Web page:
The US Justice Department is weighing the possibility of filing hate crime charges in Ahmaud Arbery's murder case, spokeswoman for the department, Kerri Kupec, said on Monday.
“The Civil Rights Division of the Department of Justice, the FBI, and the US Attorney for the Southern District of Georgia have been supporting and will continue fully to support and participate in the state investigation. We are assessing all of the evidence to determine whether federal hate crimes charges are appropriate," Kupec said in a statement.
The Georgia Bureau of Investigation said last week that it had gathered sufficient evidence for charges of felony murder to be brought.
Ahmaud Arbery's Murder
In February, father and son Gregory and Travis McMichael spotted Arbery jogging and called the police on the suspicion that he could have been involved in recent burglaries in a residential neighbourhood in southeast Georgia.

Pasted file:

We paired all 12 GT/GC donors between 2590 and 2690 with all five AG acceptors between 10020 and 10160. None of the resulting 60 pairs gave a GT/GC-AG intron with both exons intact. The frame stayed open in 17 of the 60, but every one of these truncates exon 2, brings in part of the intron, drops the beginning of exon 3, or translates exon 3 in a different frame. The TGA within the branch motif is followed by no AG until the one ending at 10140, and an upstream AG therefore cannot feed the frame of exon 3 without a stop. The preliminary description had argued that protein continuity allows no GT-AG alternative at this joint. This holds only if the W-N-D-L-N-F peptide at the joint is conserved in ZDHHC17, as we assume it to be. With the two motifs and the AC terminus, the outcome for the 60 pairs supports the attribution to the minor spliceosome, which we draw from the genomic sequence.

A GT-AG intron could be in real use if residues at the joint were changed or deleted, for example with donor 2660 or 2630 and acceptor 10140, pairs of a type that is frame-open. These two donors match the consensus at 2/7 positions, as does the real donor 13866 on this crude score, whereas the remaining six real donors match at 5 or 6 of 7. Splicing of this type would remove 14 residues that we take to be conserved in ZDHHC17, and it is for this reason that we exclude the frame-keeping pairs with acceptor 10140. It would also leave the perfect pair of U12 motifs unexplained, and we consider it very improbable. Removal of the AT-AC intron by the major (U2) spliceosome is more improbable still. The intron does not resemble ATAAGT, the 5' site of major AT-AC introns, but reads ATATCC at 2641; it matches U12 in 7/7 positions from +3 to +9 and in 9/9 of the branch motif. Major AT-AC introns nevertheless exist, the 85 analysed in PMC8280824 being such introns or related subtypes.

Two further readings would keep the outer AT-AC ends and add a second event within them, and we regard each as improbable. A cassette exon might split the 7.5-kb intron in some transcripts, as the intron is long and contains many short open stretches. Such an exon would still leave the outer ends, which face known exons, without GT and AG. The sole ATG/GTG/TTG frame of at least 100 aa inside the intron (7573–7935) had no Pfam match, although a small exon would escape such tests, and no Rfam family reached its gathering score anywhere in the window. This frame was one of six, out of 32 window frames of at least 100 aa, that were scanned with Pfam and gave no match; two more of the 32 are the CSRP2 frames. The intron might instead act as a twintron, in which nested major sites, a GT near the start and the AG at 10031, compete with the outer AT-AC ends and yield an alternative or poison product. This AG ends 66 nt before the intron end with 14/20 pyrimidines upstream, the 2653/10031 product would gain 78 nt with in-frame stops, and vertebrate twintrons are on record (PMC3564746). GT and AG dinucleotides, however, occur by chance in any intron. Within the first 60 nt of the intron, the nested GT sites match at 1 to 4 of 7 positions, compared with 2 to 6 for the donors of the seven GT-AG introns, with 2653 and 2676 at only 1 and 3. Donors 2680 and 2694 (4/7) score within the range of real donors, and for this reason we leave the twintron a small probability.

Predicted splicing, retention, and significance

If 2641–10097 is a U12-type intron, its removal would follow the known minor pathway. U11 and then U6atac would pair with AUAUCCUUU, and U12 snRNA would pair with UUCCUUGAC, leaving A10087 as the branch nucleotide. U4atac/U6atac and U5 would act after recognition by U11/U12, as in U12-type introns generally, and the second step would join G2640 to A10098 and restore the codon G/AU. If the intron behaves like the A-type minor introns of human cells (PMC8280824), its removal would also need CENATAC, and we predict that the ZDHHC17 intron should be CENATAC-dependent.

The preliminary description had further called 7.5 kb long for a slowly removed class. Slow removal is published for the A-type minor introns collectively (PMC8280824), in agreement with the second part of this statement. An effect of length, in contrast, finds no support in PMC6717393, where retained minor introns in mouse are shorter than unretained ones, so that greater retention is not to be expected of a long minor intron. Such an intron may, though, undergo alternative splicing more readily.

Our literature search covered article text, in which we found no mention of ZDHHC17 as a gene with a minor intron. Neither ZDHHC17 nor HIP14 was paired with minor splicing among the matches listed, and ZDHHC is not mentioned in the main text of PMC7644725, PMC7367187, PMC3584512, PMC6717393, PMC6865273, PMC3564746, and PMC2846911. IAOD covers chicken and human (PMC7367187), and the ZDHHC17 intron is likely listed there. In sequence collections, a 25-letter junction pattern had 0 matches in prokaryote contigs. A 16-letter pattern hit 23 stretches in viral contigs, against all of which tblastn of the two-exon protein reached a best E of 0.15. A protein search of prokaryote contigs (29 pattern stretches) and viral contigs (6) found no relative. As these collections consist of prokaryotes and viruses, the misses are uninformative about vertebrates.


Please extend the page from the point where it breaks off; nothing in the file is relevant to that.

The two men confronted Arbery, engaged in a brawl with him and gunned him down. Their deed was recorded on video and has since gone viral.
The police apprehended the two suspects. They were charged with murder and aggravated assault. The person filming the crime scene is also under investigation.
The video of the shooting emerged on social media around 5 May, causing a massive public outcry, as many believe the murder to be racially motivated. Arbery's family also claim that he has become a victim of racial hatred against African Americans.